Composers Festival spotlight: Douglas Osmun

The University of Missouri’s representative among this year’s group of resident composers at the Mizzou International Composers Festival is Douglas Osmun, who recently earned his M.M. in composition from Mizzou.

Originally from Zeeland, MI, Osmun previously received his bachelor’s degree in music from Western Michigan University, where he was named a Beulah and Harold McKee Scholar.

He is a composer of both acoustic and electronic music who describes his work as “deeply concerned with elements of sound embodiment, spatialization, and perception.” Osmun’s new work for the MICF is called “in effigies,” and it will be performed along with new music from the six other resident composers by resident ensemble Alarm Will Sound on Saturday, July 28 at the Missouri Theatre.

Osmun also recently has written works for SPLICE Ensemble and for the St. Louis Symphony Orchestra, which performed his composition “ghost. receding. (unto a shaded landscape)” along with music from fellow Mizzou students Aaron Mencher and Dustin Dunn this spring at Powell Hall as part of a year-long collaborative project involving SLSO and the Mizzou New Music Initiative.

In addition, his music has been heard at the BGSU Graduate Conference in Music, the SEAMUS National Conference, the Society of Composers Inc. National Conference, NYCEMF, the Big Sky Documentary Film Festival, and the St. Louis Science Center.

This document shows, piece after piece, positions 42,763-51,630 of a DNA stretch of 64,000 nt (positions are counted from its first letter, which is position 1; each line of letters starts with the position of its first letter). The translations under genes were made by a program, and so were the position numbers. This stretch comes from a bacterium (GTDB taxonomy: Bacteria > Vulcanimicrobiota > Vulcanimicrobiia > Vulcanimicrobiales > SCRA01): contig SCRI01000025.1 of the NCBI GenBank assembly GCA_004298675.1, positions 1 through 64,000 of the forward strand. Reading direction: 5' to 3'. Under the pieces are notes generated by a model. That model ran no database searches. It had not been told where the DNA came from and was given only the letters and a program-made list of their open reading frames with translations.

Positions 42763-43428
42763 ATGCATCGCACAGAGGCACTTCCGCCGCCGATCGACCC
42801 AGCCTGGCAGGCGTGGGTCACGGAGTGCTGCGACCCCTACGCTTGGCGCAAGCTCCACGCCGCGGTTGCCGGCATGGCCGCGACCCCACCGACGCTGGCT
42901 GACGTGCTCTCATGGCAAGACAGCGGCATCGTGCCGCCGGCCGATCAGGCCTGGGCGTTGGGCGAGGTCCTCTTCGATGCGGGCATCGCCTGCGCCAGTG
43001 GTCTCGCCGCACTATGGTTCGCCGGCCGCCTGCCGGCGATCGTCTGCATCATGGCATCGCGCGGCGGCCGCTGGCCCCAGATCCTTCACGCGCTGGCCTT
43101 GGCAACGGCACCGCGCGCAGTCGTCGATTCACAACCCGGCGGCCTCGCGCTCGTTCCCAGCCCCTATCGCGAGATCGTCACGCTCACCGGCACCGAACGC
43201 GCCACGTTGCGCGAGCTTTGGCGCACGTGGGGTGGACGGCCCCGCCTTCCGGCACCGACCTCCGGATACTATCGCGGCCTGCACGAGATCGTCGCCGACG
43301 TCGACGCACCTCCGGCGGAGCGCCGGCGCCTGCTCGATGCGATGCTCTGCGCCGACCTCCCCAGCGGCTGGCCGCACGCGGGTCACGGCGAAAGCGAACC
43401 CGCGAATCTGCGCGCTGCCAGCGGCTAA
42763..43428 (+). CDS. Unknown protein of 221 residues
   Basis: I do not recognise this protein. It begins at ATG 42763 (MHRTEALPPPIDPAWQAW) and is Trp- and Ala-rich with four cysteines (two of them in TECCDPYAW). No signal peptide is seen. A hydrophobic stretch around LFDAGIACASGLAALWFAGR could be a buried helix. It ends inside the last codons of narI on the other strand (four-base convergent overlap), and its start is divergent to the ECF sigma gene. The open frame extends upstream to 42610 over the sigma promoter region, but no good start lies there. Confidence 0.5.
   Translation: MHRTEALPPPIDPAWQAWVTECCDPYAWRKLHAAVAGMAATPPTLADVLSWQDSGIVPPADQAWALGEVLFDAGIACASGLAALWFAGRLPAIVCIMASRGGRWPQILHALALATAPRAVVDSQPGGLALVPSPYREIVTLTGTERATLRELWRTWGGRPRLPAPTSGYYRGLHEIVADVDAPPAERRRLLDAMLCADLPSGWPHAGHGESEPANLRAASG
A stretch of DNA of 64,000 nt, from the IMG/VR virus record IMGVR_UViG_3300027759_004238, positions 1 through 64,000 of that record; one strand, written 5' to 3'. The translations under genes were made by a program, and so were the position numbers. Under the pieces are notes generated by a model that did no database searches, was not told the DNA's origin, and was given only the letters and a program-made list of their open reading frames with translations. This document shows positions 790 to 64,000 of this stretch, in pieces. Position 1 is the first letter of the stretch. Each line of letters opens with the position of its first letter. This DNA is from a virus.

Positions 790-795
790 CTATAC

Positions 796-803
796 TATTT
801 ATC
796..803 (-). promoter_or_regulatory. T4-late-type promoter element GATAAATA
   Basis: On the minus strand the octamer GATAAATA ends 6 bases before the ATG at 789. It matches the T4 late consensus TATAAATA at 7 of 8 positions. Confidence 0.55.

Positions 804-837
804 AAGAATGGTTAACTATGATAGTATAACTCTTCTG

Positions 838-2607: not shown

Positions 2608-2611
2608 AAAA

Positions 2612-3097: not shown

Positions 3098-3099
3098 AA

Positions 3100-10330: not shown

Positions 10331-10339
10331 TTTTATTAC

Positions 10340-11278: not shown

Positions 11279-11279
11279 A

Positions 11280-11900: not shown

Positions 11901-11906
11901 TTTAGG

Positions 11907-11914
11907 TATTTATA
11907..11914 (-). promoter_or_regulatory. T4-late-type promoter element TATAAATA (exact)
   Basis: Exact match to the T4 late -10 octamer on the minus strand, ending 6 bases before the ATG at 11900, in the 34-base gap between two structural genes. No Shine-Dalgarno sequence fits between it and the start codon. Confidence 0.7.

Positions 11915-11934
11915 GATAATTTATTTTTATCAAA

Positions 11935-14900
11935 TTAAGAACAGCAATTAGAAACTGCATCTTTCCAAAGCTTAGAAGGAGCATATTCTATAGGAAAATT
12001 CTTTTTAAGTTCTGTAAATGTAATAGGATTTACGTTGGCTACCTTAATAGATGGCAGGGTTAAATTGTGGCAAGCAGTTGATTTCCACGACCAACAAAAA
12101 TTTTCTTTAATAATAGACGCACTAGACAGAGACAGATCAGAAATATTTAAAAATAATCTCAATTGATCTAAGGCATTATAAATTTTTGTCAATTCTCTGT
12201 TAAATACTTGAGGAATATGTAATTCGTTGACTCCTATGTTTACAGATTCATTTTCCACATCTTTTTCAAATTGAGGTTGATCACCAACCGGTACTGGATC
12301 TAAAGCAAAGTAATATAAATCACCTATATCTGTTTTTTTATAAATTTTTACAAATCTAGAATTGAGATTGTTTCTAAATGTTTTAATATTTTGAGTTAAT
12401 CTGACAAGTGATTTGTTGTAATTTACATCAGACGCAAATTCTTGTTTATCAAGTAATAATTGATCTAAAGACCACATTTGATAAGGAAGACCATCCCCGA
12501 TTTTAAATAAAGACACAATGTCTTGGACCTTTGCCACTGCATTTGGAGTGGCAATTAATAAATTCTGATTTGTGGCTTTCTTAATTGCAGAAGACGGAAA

Osmun’s honors include the 2016 Sinquefield Composition Prize, the University of Missouri’s top award for a student composer, and the 2014 Ron Nelson Composition Award.

For more about Douglas Osmun, listen to his interview aired last week on KMUC’s “Mizzou Music” program, and read the feature story about him published in 2016 by the Columbia Missourian. You can hear some of his music via the embedded players below.

“spaces of an absent voice,” performed by Douglas Osmun

“Three Short Conversations,” recorded during the 2014 fresh inc festival at Bedford Concert Hall at University of Wisconsin-Parkside, and performed by The Magic Deuce, featuring Caitlin Phillips (flute) and Eric Salazar (clarinet)